Raising the bar on the Gateway pipeline
With the U.S. Department of State's decision on the Keystone XL pipeline delayed until 2013, much of the attention in Canada has been shifting west towards Enbridge's proposed Northern Gateway Pipeline to the B.C. coast. After the Keystone XL announcement, Prime Minister Stephen Harper was quick to threaten to ship oilsands crude to Asia — a point the Prime Minister will likely repeat when he meets with President Obama tomorrow.
Last week, the Pembina Institute, the Natural Resources Defence Council (NRDC) and Living Oceans Society released a new report, Pipeline and Tanker Trouble: the impact to British Columbia's communities, rivers and Pacific coast line from tar sands oil transport. The report was intended to serve as an accessible resource to British Columbians who would like to learn more about the potential impacts from Enbridge's proposed Northern Gateway oilsands pipeline, from upstream production to transport by pipeline to shipping in tankers.
The report found there are unique challenges associated with transporting oilsands oil as opposed to other forms of oil. For instance, it sinks in water, making cleanup very challenging, and may lead to increased corrosion in pipelines. Pipeline and Tanker Trouble also outlines the additional risks to tankers carrying oilsands crude, highlights the risks from unstable, landslide-prone terrain along the proposed route and the risks to First Nations communities and B.C.'s salmon fisheries.
Looking back at the media coverage last week, the report received significant attention in the national and British Columbia news media. Enbridge chose to downplay the concerns raised in the report, calling it "fear-mongering" and suggesting the authors were pushing for unrealistic safety standards. Paul Stanway, an Enbridge spokesperson who commented on Enbridge's approach to risk management, said, "It depends on where you place the bar. Our aim is to make this a safe project, to build and operate Northern Gateway as safely as humanly possible."
It does depend on where you place the bar. Given the significant opposition from British Columbians and First Nations, the environmental impacts from oilsands production and the unique landscape and livelihoods that would be at risk, the bar for Enbridge should be set accordingly high.
Alternatively, one could use Enbridge's logic and simply lower the bar to the point where concerns seem unreasonable and the project can proceed.
Enbridge has said that it has been aware from the beginning that Gateway is a "controversial project." This has certainly proven to be the case. As such, instead of lowering the bar and choosing to ignore the environmental impacts from expanded oilsands development necessary to fill this pipeline, the federal government should strive to set the bar high, consider both positive and negative impacts from the project and exceed the expectations of Canadians for a thorough and objective review to determine whether this pipeline is in the public interest.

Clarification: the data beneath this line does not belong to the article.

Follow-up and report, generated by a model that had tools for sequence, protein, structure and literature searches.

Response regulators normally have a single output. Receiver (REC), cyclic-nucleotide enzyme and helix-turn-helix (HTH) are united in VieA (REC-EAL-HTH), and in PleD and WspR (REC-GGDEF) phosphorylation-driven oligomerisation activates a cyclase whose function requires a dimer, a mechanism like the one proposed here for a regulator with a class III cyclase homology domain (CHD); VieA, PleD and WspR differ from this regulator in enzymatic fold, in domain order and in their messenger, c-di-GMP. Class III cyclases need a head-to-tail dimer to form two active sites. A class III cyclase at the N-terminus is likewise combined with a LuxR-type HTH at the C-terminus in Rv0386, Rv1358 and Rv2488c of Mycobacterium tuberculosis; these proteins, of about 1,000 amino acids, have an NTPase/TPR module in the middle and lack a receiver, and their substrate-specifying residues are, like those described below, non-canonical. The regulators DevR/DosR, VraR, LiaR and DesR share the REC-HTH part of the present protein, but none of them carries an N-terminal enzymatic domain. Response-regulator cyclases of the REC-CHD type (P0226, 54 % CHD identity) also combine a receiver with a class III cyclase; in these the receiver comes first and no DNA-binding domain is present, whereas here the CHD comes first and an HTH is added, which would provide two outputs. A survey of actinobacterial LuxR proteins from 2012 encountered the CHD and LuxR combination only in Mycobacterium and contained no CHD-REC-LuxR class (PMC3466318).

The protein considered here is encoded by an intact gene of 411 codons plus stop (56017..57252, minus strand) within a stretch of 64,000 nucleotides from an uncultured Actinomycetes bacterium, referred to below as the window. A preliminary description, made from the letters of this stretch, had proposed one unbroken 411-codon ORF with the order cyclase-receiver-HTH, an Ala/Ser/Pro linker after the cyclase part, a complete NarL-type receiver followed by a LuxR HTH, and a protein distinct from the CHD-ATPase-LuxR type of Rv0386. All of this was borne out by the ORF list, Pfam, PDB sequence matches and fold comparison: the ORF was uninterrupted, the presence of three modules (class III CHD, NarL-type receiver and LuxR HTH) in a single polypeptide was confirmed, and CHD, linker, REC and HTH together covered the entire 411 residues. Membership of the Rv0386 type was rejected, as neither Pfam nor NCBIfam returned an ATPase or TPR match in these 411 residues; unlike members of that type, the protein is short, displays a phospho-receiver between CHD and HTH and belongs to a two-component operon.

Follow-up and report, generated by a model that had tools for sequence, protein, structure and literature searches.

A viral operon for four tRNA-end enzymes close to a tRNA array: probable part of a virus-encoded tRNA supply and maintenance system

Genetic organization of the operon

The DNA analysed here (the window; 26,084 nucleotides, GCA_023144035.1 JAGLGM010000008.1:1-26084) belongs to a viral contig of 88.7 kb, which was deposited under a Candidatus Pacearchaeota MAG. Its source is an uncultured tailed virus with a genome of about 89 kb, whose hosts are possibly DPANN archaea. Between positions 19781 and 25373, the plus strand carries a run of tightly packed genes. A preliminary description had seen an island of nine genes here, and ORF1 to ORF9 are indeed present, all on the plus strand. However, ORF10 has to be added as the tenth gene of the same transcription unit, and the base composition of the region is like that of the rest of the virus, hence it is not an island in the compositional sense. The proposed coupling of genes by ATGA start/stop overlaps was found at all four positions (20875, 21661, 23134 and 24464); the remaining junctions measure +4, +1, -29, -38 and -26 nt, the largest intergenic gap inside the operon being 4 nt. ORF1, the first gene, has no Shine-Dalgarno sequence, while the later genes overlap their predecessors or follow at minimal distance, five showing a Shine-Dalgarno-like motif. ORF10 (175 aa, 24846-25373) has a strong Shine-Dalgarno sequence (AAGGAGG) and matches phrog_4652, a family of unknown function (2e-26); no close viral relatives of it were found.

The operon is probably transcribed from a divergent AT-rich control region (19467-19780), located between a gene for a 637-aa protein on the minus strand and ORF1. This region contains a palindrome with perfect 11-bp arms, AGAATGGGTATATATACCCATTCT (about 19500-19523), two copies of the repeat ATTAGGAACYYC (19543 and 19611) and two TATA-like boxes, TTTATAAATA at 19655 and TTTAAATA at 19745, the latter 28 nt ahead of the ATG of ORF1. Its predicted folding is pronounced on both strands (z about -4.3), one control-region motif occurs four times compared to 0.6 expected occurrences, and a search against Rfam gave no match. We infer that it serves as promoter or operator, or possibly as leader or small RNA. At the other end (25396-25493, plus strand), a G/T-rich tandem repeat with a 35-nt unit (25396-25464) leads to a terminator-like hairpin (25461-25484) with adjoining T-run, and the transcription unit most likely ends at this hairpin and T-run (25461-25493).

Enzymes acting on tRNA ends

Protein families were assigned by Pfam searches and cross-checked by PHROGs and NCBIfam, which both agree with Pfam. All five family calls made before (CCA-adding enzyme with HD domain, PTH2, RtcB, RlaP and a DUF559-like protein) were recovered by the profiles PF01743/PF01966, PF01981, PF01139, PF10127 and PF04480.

The Pembina Institute's perspective on oilsands pipelines
As an organization that has spent nearly two decades working on the regional impacts of oilsands development, we are solutions-oriented and have long advocated for responsible oilsands development. Only when upstream oilsands impacts, including regional environmental impacts and growing greenhouse gas pollution, have been adequately addressed would it be appropriate to consider which transportation routes would maximize benefits and minimize environmental risks and impacts. Until then, it is irresponsible to approve new pipeline capacity — if you build it, you will fill it.
In the case of Gateway, there are additional challenges beyond the upstream impacts.
On top of the regional and climate implications of oilsands development in Alberta, there are increasing market concerns, real risks and growing liabilities coming from downstream customers of oilsands — whether from Americans concerned about the risks of oilsands pipelines, or Europeans wanting to reduce the carbon emissions from their transportation sector.
Until these upstream issues are adequately addressed, there will continue to be downstream concerns. The response to these concerns will have impacts on both market access and Canada's international reputation and credibility on the environment and sustainable development.
In addition, unprecedented opposition from First Nations and British Columbians, a hazardous and unstable pipeline route and significant risks from oil supertanker traffic along B.C's coast together make the pipeline a very tough sell.
Time to raise the bar
As the Joint Review Panel for the Northern Gateway pipeline begins their public consultation in January, it will be critical for the Panel to listen to the concerns of First Nations and British Columbians and consider the issues raised in Pipeline and Tanker Trouble. More than 4,000 people — an unprecedented number — have signed up for the public consultation to share their perspectives on the pipeline with the Panel.
Given the amount of public criticism this pipeline proposal is creating, instead of lowering the bar for Enbridge, the federal government should listen to the vocal opposition to the pipeline and raise the bar for how the project is evaluated and considered. Until that happens, there remains little room for the federal government to declare that this review process will lead to an informed decision that reflects the interest of Canadians.